Article summary: PETA engineering instructor Dr Althea de Souza recently chaired a virtual community event to discuss how computational fluid dynamics (CFD) may be useful in the fight against COVID-19.
The challenges and issues that should be considered before engaging in CFD simulations were a big part of the discussion.
With the early evidence on virus transmission at the start of the COVID-19 pandemic changing quickly, and as understanding of the role of airborne transmission grew, there was increasing interest in using simulation to study infection risks.
Dr de Souza has a background in engineering simulation, specifically in CFD. Until recently, she chaired the NAFEMS International CFD Working Group, who decided that a virtual discussion event would be the best way to explore the most appropriate use of engineering simulation in relation to COVID-19.
Following this event, Dr de Souza wrote an article summarising the key points discussed at the event, which was published in Benchmark, The International Magazine For Engineering Designers & Analysts from NAFEMS in January 2021.
What was discussed at the event?
As COVID-19 is spread by respiratory aerosols and airborne droplets, users of CFD tools have naturally asked themselves what simulations could be carried out to help protect people against infection. CFD makes visible what would otherwise not be seen, but how effective would these simulations be in actually capturing what is important? The group were conscious of the risks from misusing CFD, either from poorly designed simulations or inappropriate conclusions from simulations.
The event’s guest speaker was Professor Cath Noakes, whose work includes both simulation and physical studies of airborne pathogens and who leads the Environment and Modelling Group, a SAGE (Scientific Advisory Group for Emergencies) sub-group focusing on the science underpinning environmental transmission of COVID-19.
Professor Noakes explained airborne transmission and the spread of COVID-19, stating that although it is a respiratory virus, it can also be spread through direct contact and that the risk factors relating to transmission are quite wide-ranging.
Two sides to the story
Two members of the CFD working group outlined the different views that could be taken.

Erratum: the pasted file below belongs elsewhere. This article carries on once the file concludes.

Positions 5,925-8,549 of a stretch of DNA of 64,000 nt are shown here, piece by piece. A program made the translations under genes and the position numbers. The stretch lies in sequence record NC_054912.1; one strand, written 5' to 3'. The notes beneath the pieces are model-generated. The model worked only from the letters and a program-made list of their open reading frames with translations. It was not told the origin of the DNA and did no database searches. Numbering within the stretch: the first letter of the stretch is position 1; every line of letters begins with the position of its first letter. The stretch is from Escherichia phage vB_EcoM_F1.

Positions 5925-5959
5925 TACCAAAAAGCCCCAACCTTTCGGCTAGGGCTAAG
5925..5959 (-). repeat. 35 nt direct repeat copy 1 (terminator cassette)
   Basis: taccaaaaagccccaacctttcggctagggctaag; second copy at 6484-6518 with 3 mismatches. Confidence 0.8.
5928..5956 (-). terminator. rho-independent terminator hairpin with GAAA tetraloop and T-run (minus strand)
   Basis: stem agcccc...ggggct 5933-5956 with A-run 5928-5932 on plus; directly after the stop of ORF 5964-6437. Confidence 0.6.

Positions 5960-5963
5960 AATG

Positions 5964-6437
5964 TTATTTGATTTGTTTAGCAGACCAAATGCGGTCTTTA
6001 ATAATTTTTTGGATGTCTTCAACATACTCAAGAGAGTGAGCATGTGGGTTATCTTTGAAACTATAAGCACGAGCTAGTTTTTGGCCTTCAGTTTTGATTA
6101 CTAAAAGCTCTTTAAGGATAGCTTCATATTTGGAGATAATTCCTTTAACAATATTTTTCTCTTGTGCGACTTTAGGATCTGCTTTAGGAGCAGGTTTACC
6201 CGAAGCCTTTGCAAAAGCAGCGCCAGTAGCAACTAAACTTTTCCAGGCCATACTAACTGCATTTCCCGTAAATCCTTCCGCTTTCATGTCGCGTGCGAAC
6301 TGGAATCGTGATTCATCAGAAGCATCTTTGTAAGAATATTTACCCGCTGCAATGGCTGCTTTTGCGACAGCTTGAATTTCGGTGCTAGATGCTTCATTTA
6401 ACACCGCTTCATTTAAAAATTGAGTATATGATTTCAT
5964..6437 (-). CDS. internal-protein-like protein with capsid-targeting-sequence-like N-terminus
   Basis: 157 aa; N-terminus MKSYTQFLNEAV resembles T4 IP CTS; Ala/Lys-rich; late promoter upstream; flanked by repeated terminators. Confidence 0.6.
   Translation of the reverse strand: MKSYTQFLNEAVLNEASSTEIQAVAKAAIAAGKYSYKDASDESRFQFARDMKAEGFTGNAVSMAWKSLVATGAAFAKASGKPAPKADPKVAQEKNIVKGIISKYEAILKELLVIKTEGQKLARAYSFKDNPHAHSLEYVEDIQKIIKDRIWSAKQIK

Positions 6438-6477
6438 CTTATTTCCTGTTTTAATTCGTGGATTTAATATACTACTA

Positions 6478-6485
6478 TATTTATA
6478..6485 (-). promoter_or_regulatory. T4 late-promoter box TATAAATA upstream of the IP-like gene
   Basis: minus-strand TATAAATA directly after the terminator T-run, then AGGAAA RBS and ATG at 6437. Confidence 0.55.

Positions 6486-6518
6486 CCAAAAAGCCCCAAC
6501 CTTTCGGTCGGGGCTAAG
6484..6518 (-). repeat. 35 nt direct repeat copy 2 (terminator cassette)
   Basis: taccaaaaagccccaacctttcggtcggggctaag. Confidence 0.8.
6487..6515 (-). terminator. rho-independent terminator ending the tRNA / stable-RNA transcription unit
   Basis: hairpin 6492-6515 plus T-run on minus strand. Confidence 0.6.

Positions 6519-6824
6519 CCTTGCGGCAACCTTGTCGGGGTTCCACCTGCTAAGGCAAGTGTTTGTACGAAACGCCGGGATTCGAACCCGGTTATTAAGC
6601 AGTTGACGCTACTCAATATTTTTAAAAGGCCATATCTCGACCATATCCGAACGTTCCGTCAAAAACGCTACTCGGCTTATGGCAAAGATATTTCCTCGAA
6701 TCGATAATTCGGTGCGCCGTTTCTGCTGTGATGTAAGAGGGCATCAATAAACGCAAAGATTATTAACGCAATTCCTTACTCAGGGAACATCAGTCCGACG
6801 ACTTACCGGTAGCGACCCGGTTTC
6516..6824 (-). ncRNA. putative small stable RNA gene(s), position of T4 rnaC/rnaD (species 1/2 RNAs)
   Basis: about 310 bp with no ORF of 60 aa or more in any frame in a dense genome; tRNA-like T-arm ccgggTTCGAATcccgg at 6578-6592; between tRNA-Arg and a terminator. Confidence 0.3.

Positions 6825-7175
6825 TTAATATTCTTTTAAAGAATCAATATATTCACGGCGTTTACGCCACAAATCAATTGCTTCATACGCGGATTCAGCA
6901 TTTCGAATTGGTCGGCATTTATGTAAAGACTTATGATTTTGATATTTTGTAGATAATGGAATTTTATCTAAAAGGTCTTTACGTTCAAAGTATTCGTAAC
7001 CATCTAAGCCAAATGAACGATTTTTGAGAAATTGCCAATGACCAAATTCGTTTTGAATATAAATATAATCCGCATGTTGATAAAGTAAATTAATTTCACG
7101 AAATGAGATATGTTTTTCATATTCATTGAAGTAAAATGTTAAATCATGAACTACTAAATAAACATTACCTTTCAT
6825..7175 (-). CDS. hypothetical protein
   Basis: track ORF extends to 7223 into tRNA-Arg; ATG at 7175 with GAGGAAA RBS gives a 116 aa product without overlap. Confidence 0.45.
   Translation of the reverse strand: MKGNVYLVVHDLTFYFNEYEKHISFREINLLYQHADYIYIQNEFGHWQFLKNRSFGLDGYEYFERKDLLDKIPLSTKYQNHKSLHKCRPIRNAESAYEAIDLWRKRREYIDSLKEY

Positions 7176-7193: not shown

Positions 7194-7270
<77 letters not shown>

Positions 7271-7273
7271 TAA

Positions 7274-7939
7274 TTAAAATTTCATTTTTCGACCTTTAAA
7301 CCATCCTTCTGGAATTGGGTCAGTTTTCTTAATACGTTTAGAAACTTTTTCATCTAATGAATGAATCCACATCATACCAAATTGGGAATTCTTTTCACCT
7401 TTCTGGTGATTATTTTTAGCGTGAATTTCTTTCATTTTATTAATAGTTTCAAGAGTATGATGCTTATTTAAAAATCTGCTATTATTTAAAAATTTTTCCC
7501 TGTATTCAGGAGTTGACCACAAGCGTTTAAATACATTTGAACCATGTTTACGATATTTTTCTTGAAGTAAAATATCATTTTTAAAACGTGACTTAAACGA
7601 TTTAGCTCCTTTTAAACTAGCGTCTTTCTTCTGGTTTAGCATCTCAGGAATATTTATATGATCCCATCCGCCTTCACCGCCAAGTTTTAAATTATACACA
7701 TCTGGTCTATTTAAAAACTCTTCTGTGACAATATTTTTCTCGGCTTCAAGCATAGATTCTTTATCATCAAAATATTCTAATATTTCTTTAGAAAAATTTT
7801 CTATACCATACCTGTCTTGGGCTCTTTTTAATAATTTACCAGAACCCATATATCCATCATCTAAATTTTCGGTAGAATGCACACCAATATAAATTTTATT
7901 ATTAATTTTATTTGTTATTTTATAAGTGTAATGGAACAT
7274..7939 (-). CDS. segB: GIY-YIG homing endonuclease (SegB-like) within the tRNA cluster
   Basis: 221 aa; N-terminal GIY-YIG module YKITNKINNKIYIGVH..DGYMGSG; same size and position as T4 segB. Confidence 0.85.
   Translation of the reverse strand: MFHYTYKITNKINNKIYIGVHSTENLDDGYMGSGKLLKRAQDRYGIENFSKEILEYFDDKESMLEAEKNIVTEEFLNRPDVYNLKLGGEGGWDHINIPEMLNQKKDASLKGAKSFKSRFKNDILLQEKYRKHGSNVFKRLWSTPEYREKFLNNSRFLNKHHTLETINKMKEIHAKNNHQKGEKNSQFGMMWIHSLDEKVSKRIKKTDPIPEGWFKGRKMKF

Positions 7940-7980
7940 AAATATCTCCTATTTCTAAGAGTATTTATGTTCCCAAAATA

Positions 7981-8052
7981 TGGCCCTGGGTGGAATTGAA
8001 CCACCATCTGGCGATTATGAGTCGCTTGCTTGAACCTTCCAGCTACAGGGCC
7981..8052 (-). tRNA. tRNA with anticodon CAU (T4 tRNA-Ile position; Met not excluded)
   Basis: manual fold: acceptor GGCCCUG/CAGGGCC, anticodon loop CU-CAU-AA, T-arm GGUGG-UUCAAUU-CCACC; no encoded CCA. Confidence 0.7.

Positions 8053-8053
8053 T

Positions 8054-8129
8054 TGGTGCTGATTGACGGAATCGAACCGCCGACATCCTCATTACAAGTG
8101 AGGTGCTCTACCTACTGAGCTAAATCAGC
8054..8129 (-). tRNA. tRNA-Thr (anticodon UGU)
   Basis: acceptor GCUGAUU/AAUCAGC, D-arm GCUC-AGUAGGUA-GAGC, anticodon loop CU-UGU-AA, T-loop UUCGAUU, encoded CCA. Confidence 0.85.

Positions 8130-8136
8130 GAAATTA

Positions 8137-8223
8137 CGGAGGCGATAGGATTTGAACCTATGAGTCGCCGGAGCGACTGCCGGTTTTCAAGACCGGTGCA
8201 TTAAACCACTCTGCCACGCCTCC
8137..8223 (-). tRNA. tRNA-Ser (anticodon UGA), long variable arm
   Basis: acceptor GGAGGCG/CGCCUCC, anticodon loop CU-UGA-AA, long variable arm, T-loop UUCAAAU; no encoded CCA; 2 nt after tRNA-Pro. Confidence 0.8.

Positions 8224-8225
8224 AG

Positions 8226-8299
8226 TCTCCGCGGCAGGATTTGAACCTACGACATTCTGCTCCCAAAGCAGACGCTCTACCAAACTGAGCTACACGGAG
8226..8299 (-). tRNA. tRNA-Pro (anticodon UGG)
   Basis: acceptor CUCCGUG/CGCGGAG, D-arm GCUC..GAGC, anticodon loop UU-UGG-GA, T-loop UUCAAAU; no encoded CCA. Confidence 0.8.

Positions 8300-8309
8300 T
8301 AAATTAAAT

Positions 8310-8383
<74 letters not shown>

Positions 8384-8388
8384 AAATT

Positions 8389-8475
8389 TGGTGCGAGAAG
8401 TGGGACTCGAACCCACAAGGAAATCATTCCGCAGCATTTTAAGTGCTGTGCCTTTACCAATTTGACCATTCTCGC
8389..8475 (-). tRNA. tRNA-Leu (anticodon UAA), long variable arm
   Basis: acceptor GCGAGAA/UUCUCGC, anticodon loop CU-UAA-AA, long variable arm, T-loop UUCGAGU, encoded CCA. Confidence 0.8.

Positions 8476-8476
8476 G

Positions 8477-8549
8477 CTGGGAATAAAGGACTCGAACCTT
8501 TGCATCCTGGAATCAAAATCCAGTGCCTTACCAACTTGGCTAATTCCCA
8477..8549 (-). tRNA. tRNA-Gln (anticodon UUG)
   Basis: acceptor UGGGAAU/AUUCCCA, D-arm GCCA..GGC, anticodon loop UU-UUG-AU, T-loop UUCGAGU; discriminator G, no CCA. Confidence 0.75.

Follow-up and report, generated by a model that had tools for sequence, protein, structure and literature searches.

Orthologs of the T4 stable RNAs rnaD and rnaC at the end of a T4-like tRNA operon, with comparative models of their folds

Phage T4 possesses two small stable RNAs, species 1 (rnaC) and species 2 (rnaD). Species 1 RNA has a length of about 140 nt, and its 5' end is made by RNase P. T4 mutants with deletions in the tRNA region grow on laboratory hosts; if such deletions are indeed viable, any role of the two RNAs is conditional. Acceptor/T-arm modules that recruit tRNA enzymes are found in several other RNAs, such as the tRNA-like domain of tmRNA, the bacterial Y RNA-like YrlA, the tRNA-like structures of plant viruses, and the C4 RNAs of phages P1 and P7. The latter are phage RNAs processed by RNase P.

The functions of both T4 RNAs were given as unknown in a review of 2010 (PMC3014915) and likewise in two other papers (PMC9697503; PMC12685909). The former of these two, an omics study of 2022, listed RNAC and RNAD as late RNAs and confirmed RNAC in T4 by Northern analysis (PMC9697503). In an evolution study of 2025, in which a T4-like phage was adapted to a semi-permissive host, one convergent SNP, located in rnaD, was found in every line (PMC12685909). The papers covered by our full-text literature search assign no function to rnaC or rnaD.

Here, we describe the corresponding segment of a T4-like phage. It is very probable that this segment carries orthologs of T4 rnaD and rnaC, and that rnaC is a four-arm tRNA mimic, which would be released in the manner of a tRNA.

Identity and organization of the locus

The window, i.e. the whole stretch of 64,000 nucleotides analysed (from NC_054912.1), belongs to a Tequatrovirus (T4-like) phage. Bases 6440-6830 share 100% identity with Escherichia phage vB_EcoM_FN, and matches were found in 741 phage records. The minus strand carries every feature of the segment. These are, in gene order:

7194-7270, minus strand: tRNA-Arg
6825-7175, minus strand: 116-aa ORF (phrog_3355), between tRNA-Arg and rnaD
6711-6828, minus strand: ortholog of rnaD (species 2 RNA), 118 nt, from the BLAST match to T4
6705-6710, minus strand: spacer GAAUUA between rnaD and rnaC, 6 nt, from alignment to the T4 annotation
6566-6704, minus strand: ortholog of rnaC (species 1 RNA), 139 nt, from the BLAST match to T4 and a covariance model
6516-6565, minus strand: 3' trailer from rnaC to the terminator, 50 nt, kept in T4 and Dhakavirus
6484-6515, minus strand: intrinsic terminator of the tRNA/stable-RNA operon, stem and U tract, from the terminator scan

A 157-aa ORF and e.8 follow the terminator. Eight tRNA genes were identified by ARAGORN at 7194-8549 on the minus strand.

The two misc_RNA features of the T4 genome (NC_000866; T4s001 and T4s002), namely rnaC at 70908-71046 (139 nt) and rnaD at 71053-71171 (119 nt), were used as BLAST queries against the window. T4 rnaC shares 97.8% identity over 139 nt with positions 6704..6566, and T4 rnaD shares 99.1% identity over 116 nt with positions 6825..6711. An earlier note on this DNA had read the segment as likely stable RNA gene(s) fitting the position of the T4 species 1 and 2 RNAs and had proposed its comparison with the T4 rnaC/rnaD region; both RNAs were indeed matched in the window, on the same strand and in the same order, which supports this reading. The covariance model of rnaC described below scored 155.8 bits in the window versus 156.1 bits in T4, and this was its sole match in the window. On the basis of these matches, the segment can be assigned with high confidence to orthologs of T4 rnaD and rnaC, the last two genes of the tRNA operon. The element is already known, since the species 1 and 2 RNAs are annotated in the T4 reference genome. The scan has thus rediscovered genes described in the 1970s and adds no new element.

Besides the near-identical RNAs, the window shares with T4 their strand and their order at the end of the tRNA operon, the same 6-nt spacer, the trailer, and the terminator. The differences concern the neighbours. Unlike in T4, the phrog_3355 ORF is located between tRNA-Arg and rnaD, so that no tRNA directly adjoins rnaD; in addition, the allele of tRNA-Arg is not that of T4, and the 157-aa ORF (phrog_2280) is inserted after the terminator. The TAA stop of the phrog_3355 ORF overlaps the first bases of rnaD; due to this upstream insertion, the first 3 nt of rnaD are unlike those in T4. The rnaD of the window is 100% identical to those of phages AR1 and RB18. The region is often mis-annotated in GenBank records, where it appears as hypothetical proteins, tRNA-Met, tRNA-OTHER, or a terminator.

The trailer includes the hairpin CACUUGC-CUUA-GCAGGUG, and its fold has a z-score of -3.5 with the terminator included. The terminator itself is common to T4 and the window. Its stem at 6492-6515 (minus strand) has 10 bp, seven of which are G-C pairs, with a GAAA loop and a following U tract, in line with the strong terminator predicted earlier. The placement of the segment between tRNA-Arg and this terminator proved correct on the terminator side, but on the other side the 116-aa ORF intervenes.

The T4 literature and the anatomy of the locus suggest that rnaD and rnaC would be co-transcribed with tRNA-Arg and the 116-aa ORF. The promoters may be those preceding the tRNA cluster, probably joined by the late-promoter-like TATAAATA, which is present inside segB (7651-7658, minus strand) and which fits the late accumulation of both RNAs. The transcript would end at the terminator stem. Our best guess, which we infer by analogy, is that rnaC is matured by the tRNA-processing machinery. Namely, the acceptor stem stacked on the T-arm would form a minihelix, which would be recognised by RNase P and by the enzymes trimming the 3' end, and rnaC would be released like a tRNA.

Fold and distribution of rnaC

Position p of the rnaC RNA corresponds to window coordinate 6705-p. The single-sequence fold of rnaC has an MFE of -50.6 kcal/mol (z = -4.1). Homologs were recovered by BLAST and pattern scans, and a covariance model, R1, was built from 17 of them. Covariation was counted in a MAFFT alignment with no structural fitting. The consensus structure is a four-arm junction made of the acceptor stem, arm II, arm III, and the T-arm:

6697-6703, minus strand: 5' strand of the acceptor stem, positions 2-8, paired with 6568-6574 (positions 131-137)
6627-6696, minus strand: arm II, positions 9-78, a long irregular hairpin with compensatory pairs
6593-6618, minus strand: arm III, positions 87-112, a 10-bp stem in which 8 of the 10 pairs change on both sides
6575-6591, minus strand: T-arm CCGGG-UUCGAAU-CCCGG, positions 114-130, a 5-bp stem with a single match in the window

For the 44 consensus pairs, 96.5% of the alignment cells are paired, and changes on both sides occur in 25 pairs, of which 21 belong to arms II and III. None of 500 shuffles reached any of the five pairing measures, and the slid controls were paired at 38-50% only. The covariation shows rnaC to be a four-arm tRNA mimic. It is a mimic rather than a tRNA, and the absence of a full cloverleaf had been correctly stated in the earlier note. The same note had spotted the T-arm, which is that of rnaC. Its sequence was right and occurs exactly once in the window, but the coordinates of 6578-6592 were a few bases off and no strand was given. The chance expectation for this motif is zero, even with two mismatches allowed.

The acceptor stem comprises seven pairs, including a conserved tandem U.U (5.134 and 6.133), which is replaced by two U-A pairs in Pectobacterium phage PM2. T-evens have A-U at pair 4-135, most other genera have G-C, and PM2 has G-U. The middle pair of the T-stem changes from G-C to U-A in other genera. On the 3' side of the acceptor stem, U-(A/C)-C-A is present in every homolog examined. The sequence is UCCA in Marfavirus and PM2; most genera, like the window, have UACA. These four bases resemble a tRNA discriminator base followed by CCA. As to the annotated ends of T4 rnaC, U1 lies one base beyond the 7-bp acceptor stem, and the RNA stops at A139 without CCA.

Simon Fischer presented the opportunities for CFD, outlining the strengths of CFD as follows:
- it uses established models
- validated simulations of turbulent multiphase flows
- it handles complex geometries
- it is faster, safer, and more cost-efficient compared to experimentation
- substantial existing expertise in relevant industries and related research
CFD can be used to support scientific research in gaining more detailed insights into the fluid mechanics associated with the virus and its transmission. By assessing real life and ‘what if’ scenarios, the conclusions from simulations can be useful in guiding society, industry and politics on adequate safety measures. There is also a strong case for using CFD to improve ventilation systems, rehabilitation devices and optimise pharmaceutical processes.
Anthony Mosquera played the role of devil’s advocate, arguing against the use of CFD; an unfamiliar role for a long-term member of the NAFEMS CFD Working Group and someone who spends their life working with CFD tools.
Anthony presented the main measures that can be used to reduce the risk of transmission. The measures are all qualitative, so can CFD enable us to provide more quantitative measures? He considered each in turn and questioned whether CFD can provide useful further knowledge than can be obtained from other sources.
Anthony concluded that the question we should ask is “What decisions does CFD enable us to make to reduce our risk from COVID-19 that we would not have known by other intuitive, already available, more timely or less costly means?” He suggested that CFD needs to be validated by experiments and as those experiments alone can give us the information we need, we don’t need to do both.
The event also included presentations from representatives from the Chartered Institute of Building Services Engineering and the Health and Safety Executive. After the presentations, the floor was opened for discussion and questions from the audience.
A poll taken during the event showed that 29% of attendees have undertaken CFD work related to COVID-19, whilst 54% haven’t, although others are considering it.
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